If there is one word that could sum up Australia’s 2016 AFC Women’s Olympic Qualifiers campaign it is flexibility.
Flexibility in personnel, match tactics and team formation.
The 2015 Women’s World Cup saw Australia with one of the lowest rates of rotation of the quarter finalists, with eight players seeing less than 60 minutes on the pitch and six of those players not seeing a single minute.
In the end, the heavy reliance on 12 players – who average 384 out of a possible 450 minutes – was a contributing factor to Australia’s quarter final exit.
In our 2015 Newsmakers series last year, head coach Alen Stajcic spoke about squad depth and flexibility being the no. 1 factor for Australian in the coming years.
“[Depth] is critical and it is the most important factor going forward,” he stated.
“Not only does depth provide you with better players on the field, but it just provides so much more competition within the squad.”
Depth also allows another key element in squad selections: flexibility.
Heading into the Olympic Qualifiers – did we mention it is grueling schedule – Stajcic has looked to select a 20-player squad that affords him with maximum depth and flexibility across all areas of the park.
For many of the players it has been a W-League season long audition, with the final stage four weeks of post W-League training under the eyes of the national selectors.
“Definitely these are the most in form players at the moment and have earned their spot,” said Stajcic.
“It comes down to depth and the performance of the players and form. In this tournament there is a greater need for flexibility within the squad.”
In some ways a Stajcic team is predictable – don’t expect them to sit back and be dictated to – but in others they are unpredictable, flexible, mobile.
Caitlin Foord is a prime example of this; the 21 year old is the ultimate utility player. Named as a forward for the tournament, Foord is best known for exploits at right back. However, in the opening match of the 2015 Women’s World Cup against the United States, she was lining up at left back with equal assurance.
In that same match usual left back Steph Catley lined up at centre back while Elise Kellond-Knight has been named in the past two World Cup Teams of the Tournament at left back and in the midfield.
It is that type of flexibility that Stajcic will be calling upon in the qualifiers to allow for greater squad rotation and player load management.
“We do have a versatile team, we have a mobile team, we have a flexible team. Players can play in different roles and different positions from game to game and within the game.”
“We are an unpredictable team in that sense but it also gives us a lot of flexibility in keeping the team fresh and getting through the tournament with a degree of fitness and freshness.”
Keeping players fresh will be pivotal for all nations in this tournament.
There will be little opportunity to fully swap out a team in a tournament where the top 5 nations are ranked 4th, 6th, 9th, 17th and 18th. And that 17th ranked team, China, recently handed the USA (current world champions and world no. 1) their first defeat on home soil since 2004 (103 matches).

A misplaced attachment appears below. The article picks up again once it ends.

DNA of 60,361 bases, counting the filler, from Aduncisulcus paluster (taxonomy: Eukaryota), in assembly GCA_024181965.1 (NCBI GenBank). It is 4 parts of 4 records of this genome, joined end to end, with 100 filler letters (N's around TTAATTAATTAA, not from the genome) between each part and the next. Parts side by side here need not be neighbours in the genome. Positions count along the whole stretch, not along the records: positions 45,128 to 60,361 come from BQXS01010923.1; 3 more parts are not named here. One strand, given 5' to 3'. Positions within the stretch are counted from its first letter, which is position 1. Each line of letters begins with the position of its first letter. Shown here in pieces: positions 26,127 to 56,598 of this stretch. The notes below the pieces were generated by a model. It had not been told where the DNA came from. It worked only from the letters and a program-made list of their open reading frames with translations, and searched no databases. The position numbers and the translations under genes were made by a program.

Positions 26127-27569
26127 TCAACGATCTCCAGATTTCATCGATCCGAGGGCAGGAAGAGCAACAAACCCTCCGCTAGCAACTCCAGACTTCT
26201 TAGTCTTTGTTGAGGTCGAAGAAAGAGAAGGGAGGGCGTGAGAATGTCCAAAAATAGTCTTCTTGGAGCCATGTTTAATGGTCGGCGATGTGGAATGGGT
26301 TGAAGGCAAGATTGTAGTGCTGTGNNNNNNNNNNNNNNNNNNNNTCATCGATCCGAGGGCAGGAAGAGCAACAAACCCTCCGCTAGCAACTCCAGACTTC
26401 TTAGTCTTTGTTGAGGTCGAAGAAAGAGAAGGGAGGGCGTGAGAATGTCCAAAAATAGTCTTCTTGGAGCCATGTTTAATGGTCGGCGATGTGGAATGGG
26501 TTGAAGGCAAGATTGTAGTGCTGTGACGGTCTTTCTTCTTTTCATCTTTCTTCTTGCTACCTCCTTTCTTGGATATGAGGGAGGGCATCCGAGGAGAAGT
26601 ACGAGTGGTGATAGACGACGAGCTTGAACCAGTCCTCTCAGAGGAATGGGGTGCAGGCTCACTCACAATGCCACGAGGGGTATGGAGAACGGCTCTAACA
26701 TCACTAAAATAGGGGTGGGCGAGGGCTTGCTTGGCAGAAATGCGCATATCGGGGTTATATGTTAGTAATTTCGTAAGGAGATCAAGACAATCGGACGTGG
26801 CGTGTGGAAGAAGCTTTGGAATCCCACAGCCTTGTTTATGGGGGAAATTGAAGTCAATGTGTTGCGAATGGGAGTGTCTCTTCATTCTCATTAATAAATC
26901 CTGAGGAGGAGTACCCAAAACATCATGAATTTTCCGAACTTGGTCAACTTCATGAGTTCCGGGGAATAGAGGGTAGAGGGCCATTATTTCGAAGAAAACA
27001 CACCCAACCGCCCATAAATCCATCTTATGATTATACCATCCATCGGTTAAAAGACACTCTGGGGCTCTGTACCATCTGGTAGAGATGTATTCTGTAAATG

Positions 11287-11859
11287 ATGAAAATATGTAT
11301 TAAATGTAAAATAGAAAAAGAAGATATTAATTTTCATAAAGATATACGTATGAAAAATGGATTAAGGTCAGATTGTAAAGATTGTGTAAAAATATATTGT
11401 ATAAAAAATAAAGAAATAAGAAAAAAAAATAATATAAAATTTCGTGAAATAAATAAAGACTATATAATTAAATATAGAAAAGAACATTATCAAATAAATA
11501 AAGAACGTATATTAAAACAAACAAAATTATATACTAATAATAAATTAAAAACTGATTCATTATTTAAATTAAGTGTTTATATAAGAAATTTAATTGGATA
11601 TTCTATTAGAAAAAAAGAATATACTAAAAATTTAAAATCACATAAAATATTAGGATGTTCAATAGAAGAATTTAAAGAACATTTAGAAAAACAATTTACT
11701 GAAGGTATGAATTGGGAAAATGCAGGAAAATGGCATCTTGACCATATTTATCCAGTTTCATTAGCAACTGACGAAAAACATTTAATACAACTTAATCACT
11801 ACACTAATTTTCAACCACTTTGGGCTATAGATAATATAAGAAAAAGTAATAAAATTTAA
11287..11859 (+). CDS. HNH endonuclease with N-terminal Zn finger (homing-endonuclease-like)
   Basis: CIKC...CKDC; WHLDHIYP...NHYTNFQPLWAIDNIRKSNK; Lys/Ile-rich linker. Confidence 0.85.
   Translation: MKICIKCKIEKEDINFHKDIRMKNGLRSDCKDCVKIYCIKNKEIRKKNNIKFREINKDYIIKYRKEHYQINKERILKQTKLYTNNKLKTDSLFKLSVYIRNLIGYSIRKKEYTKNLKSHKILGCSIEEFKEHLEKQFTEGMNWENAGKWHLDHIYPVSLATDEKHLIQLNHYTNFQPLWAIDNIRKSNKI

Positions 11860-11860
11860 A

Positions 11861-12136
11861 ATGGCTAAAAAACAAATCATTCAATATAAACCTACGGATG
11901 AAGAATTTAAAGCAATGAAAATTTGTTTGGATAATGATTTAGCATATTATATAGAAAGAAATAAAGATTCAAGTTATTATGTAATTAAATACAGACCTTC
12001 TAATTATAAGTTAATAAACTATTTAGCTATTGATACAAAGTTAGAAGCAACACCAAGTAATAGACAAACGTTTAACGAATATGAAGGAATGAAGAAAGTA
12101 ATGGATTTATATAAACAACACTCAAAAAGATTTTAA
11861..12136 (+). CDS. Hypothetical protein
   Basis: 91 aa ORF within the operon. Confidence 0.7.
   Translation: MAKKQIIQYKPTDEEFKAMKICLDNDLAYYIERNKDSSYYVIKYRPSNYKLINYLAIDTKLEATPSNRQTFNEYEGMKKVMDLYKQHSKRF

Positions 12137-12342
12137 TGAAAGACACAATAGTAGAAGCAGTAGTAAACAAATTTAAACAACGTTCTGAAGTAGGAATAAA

As part of the process Stajcic has looked to add depth in the spine of the team.
Goalkeeper Casey Dumont returns from an ACL for the third keeping position. Western Sydney Wanderers captain Caitlin Cooper comes in as a central defender – meaning two full specialised centre back sets with co-captain Clare Polkinghorne, Alanna Kennedy and Laura Alleway making up the quartet.
Centrally Aivi Luik comes in as a defensive/holding midfielder with the Melbourne City championship player allowing for the resting of the key Kellond-Knight.
The inclusion of Newcastle Jets’ Chloe Logarzo as an attacking and creative midfielder also allows for the rotation of Emily van Egmond, Katrina Gorry and Tameka Butt as required while up front Emily Gielnik’s versatility can see her play out on the wing or centrally as the game plan calls for.
The two recent AFC powerhouses, Japan and Australia, will feel they have the advantage with greater squad depth than their counterparts.
Stajcic and his coaching staff have already put plans in place to take advantage of this with a tentative plan of using specific players for specific matches.
“Playing a game every second day we are really going to have to tailor the squad to each game,” he continued.
“We have already put a plan in place for who will play game 1, 2 and 3 but even that plan is flexible within itself.”
“It is not going to be rigid but we have certainly got a mindset where we have an idea about which players will be key in which game depending upon the opposition.”
The tournament management will not only be about which players will be getting particular minutes but also about the in game tactics.
Getting the ball and keeping the ball will be paramount and has been the basis of most of Australia’s training sessions, along with ensuring their base fitness is high.
Asia is one of the most technically competent confederations and Stajcic knows that possession will be key.
“We like to keep the ball, have the ball and not run as much but that is always a little bit more difficult against the Asian teams, particularly Japan who are probably the best team in the world at keeping the ball with their technique and their awareness of the game.”
“Certainly it is something we are striving towards and working hard at training and in every session to be good at.”
Despite all the best-laid plans, the Road to Rio will have many more challenges thrown at the Australian team and what remains to be seen is if they are flexible enough to bend rather than break.
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